On March 5, the BBC reported that a 70-year-old woman in the Royal Berkshire Hospital had become the first Briton to die of COVID-19.
Exactly one year – and tens of thousands of lives – it is time for a moment of shared reflection and collective grief.
Grief expert, David Kessler, says “grief must be witnessed” and warns that if not expressed, it can turn into depression or anger. As a nation confronted – directly or indirectly – by a year-long wave of suffering and death, there is certainly a great deal of depression and anger swilling around.
Britain remains one of the only countries to have had large numbers of COVID-19 deaths, not held a national memorial. Spain, for example, had a 10-day period of remembrance period and, in January, the first thing that Joe Biden did was to hold a national Covid Memorial Day. “In order to heal we must remember,” he said, speaking in front of the Reflecting Pool illuminated by hundreds of flickering candles. The reaction of one American man after the event summed it up: “I hadn’t realised just how much I’d needed that,” he wrote.
On Monday, mayors in more than 100 cities across America proclaimed the first Monday in March Covid Memorial Day, marking it with vigils and calling on the President to instate this date as national holiday. Joe Biden, who has clearly recognised his role as “Mourner-In-Chief”, might agree to it.
Yet in the last year – apart from clapping for carers – the only opportunity Britons have been given to come together for any form of collective mourning was in June marking those who fell in D-Day and last month, for the death of Captain Tom.
Numbed by sheer numbers of dead, it is easy to forget how we felt last March as our country prepared to lockdown and the daily death toll was headline news. On the day lockdown was announced, there had been 55 deaths. Yesterday’s death toll of 315 hardly got a media mention.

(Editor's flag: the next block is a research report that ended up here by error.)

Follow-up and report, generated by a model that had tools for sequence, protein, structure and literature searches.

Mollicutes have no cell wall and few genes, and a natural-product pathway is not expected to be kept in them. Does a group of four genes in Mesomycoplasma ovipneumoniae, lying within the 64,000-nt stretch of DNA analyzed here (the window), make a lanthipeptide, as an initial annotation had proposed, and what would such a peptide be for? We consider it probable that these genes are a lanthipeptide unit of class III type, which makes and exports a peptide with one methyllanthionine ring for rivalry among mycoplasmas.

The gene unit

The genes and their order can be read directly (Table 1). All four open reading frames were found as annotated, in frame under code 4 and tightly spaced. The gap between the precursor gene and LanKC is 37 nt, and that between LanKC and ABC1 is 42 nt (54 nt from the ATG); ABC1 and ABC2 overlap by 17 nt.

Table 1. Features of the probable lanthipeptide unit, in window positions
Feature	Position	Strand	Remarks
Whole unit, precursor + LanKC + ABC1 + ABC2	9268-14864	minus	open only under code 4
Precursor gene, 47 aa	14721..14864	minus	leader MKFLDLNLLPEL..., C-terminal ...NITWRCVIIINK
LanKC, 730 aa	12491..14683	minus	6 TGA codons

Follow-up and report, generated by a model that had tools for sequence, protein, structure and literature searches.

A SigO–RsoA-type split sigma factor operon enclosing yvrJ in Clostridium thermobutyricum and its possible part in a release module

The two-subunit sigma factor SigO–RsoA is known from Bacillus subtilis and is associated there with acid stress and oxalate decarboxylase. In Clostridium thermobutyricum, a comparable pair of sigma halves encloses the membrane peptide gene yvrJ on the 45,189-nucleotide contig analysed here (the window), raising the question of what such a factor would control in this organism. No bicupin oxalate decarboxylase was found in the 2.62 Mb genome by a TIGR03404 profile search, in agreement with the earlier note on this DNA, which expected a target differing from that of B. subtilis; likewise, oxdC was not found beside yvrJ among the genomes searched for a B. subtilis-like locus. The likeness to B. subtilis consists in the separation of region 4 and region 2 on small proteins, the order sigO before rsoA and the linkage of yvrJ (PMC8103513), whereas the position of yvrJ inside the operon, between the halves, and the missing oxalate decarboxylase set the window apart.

From the very start of the pandemic – everything about Britain’s response and coronavirus strategy became inextricably entwined with politics. As a result, the simple act of grieving the dead has become almost a political act.
Yet grief knows nothing of politics. It has no colours.
It is for that reason that Covid Memorial Day – a unofficial day of remembrance – has been designated a “politics free zone”. Like a saloon in a Western where everybody has to take off their gun-belts if they want to come in, political views will be banned. Afterall, it doesn’t matter whether you are Piers Morgan or Piers Corbyn, we all still feel the same need to grieve.
Shakespeare says. “Give sorrow words; the grief that does not speak whispers o’er-fraught heart and bids it break” and Covid Memorial Day is intended give words to our sorrow.
Yet grief isn’t all about sorrow.
You can only experience grief if you’ve experienced love. Indeed, grief is the collateral damage of love. The more deeply you love, the more painful the grief.
Unlike our Southern European neighbours, ,most traditions and rituals of grieving have been lost in Britain. We are even not shown or taught the basics of how to deal with loss – our own or other people’s. In adult life, friends feel awkward, colleagues may send us a card but avoid eye contact in the corridor and the head of human resources tells us that they “know how we feel” as they sign us off for two weeks’ compassionate leave. But grief doesn’t work like that.
It needs to take its path.
One doesn’t truly recover from loss. If you are lucky, you will heal from loss. But never completely.
“Over the last year many of us have been touched by grief either directly or indirectly,” says psychologist, Jo Hemmings. “Whilst a single day of mourning will not set everything right, but it is remarkable what grieving, and in particular collective grief, can achieve. Covid Memorial Day is a day when people can light a candle, take a pebble to the top of a hill or simply sit and reflect on those they have lost.”
“As we see light at the end of the tunnel, all of us can provide a light in the darkness this Covid Memorial Day,” said Dr Philippa Whitford MP.
As we mark this sombre anniversary, I’m reminded of a message left on the wall of remembrance at a service marking six months since the first UK COVID-19 death.
“I will celebrate her, but before I can celebrate her, I must remember her. And before I can remember her, I must mourn her. So if you see me – shivering and dumbed with loss – stand by me. Because grief needs a witness.”
Stefan Simanowitz is a journalist and coordinator of Covid Memorial Day
For more information visit www.covidmemorialday.org.uk